What's the downside? Training someone, seeing them progress and do well, and then leave the industry.

And the upside? I get such a buzz out of seeing people develop so, when they're doing well and enjoying it, so am I.

Any advice for others? If you believe this is what you want to do, go out and get the experience.

Chris Williams, 36

General manager, Alias Hotel Rossetti, Manchester
Salary range: £40,000-£50,000

How did you get into the industry? I'm dyslexic and my careers teacher told me I could either be a hairdresser or a chef. I did catering college for two years, worked as a chef for a couple of years, but I was desperate to do front of house. I worked my way up and ended up running the five-star Carlton Ambassador in The Hague, Netherlands. But I found the industry a bit restrictive, so I left and joined Inventive Leisure, and helped develop the Revolution Bar chain with them.

How did you get back into hotels? The recruitment agent told me Alias Hotels weren't like other hotels, so I came to look. I've been here three months and it really doesn't feel like I'm in the hotel business.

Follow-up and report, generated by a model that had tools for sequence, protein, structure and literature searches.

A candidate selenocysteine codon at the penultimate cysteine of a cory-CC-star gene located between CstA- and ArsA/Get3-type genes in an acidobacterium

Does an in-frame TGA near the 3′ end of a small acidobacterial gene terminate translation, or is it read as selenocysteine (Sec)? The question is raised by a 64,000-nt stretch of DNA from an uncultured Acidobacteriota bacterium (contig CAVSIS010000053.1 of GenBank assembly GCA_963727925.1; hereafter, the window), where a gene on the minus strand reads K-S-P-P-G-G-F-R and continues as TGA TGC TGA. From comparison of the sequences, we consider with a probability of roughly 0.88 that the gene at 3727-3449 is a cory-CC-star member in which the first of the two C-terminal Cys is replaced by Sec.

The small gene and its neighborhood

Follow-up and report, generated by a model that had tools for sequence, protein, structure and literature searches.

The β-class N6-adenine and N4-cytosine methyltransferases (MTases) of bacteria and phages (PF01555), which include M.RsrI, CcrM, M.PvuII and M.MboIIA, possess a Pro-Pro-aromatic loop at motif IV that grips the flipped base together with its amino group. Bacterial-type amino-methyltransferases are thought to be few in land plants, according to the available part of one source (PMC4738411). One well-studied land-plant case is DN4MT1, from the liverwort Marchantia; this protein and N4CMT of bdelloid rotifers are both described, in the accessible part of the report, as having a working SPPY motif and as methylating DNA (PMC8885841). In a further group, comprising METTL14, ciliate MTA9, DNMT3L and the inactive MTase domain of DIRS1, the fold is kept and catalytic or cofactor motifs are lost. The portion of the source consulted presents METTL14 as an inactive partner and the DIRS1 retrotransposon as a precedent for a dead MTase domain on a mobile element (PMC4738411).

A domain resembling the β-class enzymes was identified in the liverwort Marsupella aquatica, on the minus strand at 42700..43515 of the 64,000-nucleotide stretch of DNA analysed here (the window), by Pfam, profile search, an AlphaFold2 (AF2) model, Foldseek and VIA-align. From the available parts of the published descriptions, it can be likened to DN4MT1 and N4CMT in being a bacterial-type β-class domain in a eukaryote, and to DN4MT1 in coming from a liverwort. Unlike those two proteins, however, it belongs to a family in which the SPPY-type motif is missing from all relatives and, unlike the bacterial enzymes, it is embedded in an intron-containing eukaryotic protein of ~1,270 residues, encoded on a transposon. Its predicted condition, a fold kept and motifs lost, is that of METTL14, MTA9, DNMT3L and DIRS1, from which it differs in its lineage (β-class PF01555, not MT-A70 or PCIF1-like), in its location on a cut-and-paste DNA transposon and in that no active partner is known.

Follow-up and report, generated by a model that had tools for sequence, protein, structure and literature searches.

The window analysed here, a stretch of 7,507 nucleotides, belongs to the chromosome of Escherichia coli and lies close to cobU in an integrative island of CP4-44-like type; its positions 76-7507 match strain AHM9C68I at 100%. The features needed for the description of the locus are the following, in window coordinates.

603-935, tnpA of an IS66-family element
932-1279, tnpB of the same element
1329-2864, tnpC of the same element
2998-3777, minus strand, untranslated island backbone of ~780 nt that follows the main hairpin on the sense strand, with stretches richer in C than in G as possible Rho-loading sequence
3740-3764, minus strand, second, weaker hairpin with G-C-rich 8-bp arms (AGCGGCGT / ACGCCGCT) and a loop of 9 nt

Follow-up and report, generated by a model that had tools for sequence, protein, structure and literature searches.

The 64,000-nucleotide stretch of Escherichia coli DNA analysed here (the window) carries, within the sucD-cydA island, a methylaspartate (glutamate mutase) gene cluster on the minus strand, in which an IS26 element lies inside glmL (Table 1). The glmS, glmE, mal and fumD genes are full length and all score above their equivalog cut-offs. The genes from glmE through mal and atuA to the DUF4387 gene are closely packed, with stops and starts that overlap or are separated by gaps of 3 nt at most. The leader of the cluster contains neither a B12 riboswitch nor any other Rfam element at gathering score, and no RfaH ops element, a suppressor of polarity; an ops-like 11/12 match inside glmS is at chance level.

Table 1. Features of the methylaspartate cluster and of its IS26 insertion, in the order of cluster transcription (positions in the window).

What do you like about it?
The most important thing for me is to work for an organisation that wants to be ground-breaking. Here the hotel, nightclub and restaurant all work together, but each is a separate entity and feels different.

How was your experience in the leisure industry regarded?
I did find consultants a bit narrow-minded. They didn't seem to see the advantage of four years developing a leisure brand. To be fair, that's what the typical hotel industry manager thinks.

Best part of the job?
I enjoy turning a negative into a positive. Recently, there was a party of 14 for the Caf‚ Paradiso restaurant and we hadn't put it in the reservations book, and we were full. We gave them the private function room in our nightclub, the Basement, and we let them order from the à la carte Paradiso menu.